Written by: Eric Rogers
Penciled by: John Delaney
Inked by: Phyllis Novin
Colored by: Joey Mason
Lettered by: Karen Bates
Editor: Bill Morrison
Publisher: Bongo Comics
It is the year 3000. Space travel is now possible and the Earth has regular contact with a number of races, giving the phrase “illegal alien” a whole new meaning. Intelligent robots exist, powered by alcohol if not the Asimov codes. And comic book geekery has finally lost its stigma and beautiful women are now a frequent sight at any comic book store.
Wow! This really IS Science-Fiction!
In all seriousness, things have changed for comic-book fans in the future, as we find out in this story that takes opens with time-misplaced delivery-boy Fry and his best friend, the surly Robot Bender, at a comic book convention. Captain America is now “Captain Democratic Order of Planets.” Frank Miller is still around and writing, though his head preserved in a jar. And unsurprisingly, Todd McFarlene is not in attendance but is represented with The McFarlentron 6000 Signature Simulator.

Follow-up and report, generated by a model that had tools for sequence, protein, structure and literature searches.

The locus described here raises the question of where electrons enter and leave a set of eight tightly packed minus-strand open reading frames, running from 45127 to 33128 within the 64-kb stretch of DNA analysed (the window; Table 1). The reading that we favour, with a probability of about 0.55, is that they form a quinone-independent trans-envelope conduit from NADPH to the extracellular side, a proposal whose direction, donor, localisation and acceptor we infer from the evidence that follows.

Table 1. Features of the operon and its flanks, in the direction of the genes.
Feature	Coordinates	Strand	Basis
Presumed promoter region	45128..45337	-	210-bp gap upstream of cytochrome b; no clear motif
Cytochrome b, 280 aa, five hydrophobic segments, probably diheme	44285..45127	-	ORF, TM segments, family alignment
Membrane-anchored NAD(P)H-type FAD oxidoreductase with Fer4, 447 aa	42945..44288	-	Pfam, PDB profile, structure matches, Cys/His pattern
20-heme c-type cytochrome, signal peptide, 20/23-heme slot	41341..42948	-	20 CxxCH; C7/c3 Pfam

These scenes alone might be enough to make this book worth reading for those of us in the business… but for those of us who may not laugh out loud at the idea of “Frank Miller’s Richie Rich”, there is an equally humorous plot to follow. Fry hears about an open casting call for a movie based on his favorite comic of all time; Space Boy In Outer Space.
Fry gets the part after reciting a speech from the comic from memory. And Bender breaks into the business too - hired on as personal buffer to egotistical robot-actor Calculon; his duty to ensure that Calculon’s posterior remain perfectly shiny and well buffed before each shot. And yes, there are plenty of jokes about… that. (“It’s a legit job on the set! There’s even a union for it!”)
Of course something goes wrong with amusing consequences; it turns out movie star life isn’t quite as easy as Fry had hoped and “events ensue” in typical Futurama fashion, with Leela having to stop in and try to save Fry and Bender from their own stupidity and greed.
I can’t say much about the artwork, as it is done as a straight copying of Matt Groening’s style from the TV series- with the exception of the first splash page, which is a rather neat Miller-esque portrait of Space Boy standing over the bodies of some fallen aliens. It all looks just like still shots of the TV show, so I guess the art gets its’ job done. Then again, you don’t read a book like this for the art. You read it to laugh. And this book succeeds quite well in getting you to do that.